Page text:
Notice of Lawsuit Filed on Cape Wind
Ian Fein

Setting up another potential roadblock for the offshore wind farm proposed in Nantucket Sound, the town of Barnstable and two groups of Cape Cod citizens last week filed notices of intent to sue the state’s top environmental official for his endorsement of the project.

The three separate notices serve as formal appeals of the certificate signed last month by Massachusetts Secretary of Energy and Environmental Affairs Ian Bowles, who found that developers of the Cape Wind project had fulfilled their environmental review requirements on the state level.

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Two Sides Debate Cape Wind Plan
Mike Seccombe

A forum bringing together those for and against the controversial Cape Wind electricity project drew more than 120 people to the Katharine Cornell Theatre on Thursday night and generated far more light than heat.

The forum, organized under the auspices of the Vineyard Haven library lecture and workshop series, was intended to establish a factual basis for further discussion of the project rather than encourage debate, and by that measure can be counted a signal success.

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Report Mixed On Cape Wind

A staff report released by the Cape Cod Commission this week gives a decidedly mixed review to the controversial plan by Cape Wind Associates to build 130 wind turbines on Horseshoe Shoal. The report finds that Cape Wind’s plan to connect the turbines to land in West Yarmouth through underwater electricity transmission lines meets only eight of 32 performance standards set by the commission.

In general, the staff report concluded, a good deal more information is needed in order to satisfy the requirements of the commission.

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Fishing Concerns Dominate Cape Wind Hearing
Mike Seccombe

A few things became quite clear at Wednesday night’s public hearing on the draft environmental impact statement on the Cape Wind project.

The first was that about twice as many Vineyarders, assuming those who attended are broadly representative of Island opinion, oppose the project as support it.

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Cape Wind Responds to Mr. Wattley
Mark Rodgers

In a recent piece published in this newspaper, Glenn Wattley made misleading statements about wind power and Cape Wind that I would like to address. Mr. Wattley is chief executive officer of the organization that formed solely to oppose Cape Wind, he has a background working in the coal industry, and he incorrectly argues that wind cannot help reduce our use of oil.

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Cape Wind Clears Key Federal Hurdle in Draft Environmental Report
Mike Seccombe

America’s first major offshore wind power generation project, Cape Wind, has cleared a key hurdle after a comprehensive federal environmental study found it would have no lasting major adverse impacts on wildlife, navigation, fishing, tourism or recreation.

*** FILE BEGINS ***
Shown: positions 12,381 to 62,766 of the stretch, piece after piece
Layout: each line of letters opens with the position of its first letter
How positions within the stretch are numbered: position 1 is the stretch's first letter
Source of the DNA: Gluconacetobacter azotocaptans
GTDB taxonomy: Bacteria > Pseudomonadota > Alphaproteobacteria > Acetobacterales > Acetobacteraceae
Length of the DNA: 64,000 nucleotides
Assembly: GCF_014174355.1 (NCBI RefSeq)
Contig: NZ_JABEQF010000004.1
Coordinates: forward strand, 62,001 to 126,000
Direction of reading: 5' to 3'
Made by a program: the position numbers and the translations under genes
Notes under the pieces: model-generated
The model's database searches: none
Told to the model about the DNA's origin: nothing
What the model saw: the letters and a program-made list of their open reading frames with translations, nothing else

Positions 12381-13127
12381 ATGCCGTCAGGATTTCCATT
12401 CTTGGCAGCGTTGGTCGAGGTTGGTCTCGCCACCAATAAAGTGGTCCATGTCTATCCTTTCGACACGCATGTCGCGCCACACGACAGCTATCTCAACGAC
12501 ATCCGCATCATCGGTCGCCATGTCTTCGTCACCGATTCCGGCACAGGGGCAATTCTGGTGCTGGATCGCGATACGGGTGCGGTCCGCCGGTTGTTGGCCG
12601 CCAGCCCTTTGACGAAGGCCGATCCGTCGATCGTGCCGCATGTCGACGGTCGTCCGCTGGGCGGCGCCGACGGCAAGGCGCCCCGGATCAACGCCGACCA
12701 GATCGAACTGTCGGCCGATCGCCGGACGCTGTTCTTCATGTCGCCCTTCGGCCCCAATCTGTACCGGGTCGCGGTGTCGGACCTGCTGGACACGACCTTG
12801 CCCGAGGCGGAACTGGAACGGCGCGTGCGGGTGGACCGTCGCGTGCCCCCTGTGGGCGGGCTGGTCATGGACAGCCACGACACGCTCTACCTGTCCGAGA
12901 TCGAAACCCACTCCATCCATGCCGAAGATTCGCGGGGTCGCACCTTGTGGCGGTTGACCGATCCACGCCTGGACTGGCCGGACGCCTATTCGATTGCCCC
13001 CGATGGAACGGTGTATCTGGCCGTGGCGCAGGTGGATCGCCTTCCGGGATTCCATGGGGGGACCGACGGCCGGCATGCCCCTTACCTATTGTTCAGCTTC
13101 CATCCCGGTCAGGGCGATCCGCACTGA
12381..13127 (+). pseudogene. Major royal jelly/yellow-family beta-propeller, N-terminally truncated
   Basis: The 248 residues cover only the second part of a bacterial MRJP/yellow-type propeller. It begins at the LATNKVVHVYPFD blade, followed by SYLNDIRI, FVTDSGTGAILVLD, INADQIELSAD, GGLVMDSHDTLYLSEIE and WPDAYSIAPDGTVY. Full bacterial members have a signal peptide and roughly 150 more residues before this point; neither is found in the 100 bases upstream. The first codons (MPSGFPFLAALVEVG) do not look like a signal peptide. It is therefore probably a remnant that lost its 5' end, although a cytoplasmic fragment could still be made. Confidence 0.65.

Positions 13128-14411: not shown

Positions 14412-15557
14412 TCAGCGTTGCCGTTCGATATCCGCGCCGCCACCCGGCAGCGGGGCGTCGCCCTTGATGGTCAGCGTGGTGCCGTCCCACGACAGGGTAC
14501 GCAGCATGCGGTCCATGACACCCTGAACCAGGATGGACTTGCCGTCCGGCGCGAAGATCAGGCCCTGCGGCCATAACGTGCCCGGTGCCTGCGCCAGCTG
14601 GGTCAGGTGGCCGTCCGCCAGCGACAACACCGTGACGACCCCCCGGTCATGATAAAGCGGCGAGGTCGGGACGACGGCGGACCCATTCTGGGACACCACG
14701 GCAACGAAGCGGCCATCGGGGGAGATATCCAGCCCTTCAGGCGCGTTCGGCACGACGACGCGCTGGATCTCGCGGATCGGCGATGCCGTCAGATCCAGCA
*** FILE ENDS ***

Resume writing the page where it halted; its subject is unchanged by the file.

The draft Environmental Impact Statement (EIS) by the Minerals Management Service, running to almost 2,000 pages, will now be subject to a process of community consultation, but if no major new concerns surface, federal approval of the $1 billion project appears likely by around the end of the year.

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The Birds and the Breeze: Wind Power Critics Meet Mass Audubon
Letters to the Editor

Extensive Research

Mass Audubon’s position on the Cape Wind offshore renewable energy project has been the subject of much discussion and debate. Some critiques of our action have no merit or basis in fact. We are providing the following information to clarify our involvement in the review of this project.

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Divided Supreme Court Ruling Favors Cape Wind
Mike Seccombe

Cape Wind has won another round in the battle over construction of a wind farm in Nantucket Sound, in a 4-2 split decision in the state’s highest court.

The Massachusetts Supreme Judicial Court this week rejected a challenge to the so-called super-permit given to the wind farm developers by the Energy Facilities Siting Board (EFSB) in May 2009, covering nine state and local permits related to the connection of the wind farm to the electric grid.

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Scientists Study Bird, Sea Life Before Turbines Go Offshore
Peter Brannen

Wind farms have long provoked a certain cognitive dissonance among environmentalists, who favor renewable energy but oppose the negative impacts of turbines, including bird strikes and habitat displacement. The effects of turbines on bird populations are fairly well understood after a decade of European experience but less is known about their impact underwater, especially on local species of whales and sea turtles.

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Wind Forum Stirs Debate as Task Force Remains Skeptical
Peter Brannen

With Rhode Island Sound now looming as the next frontier for wind development near the Vineyard, the Ocean State’s Gov. Donald Carcieri summed up his state’s energy policy this month with a single phrase: “Spin, baby, spin!”

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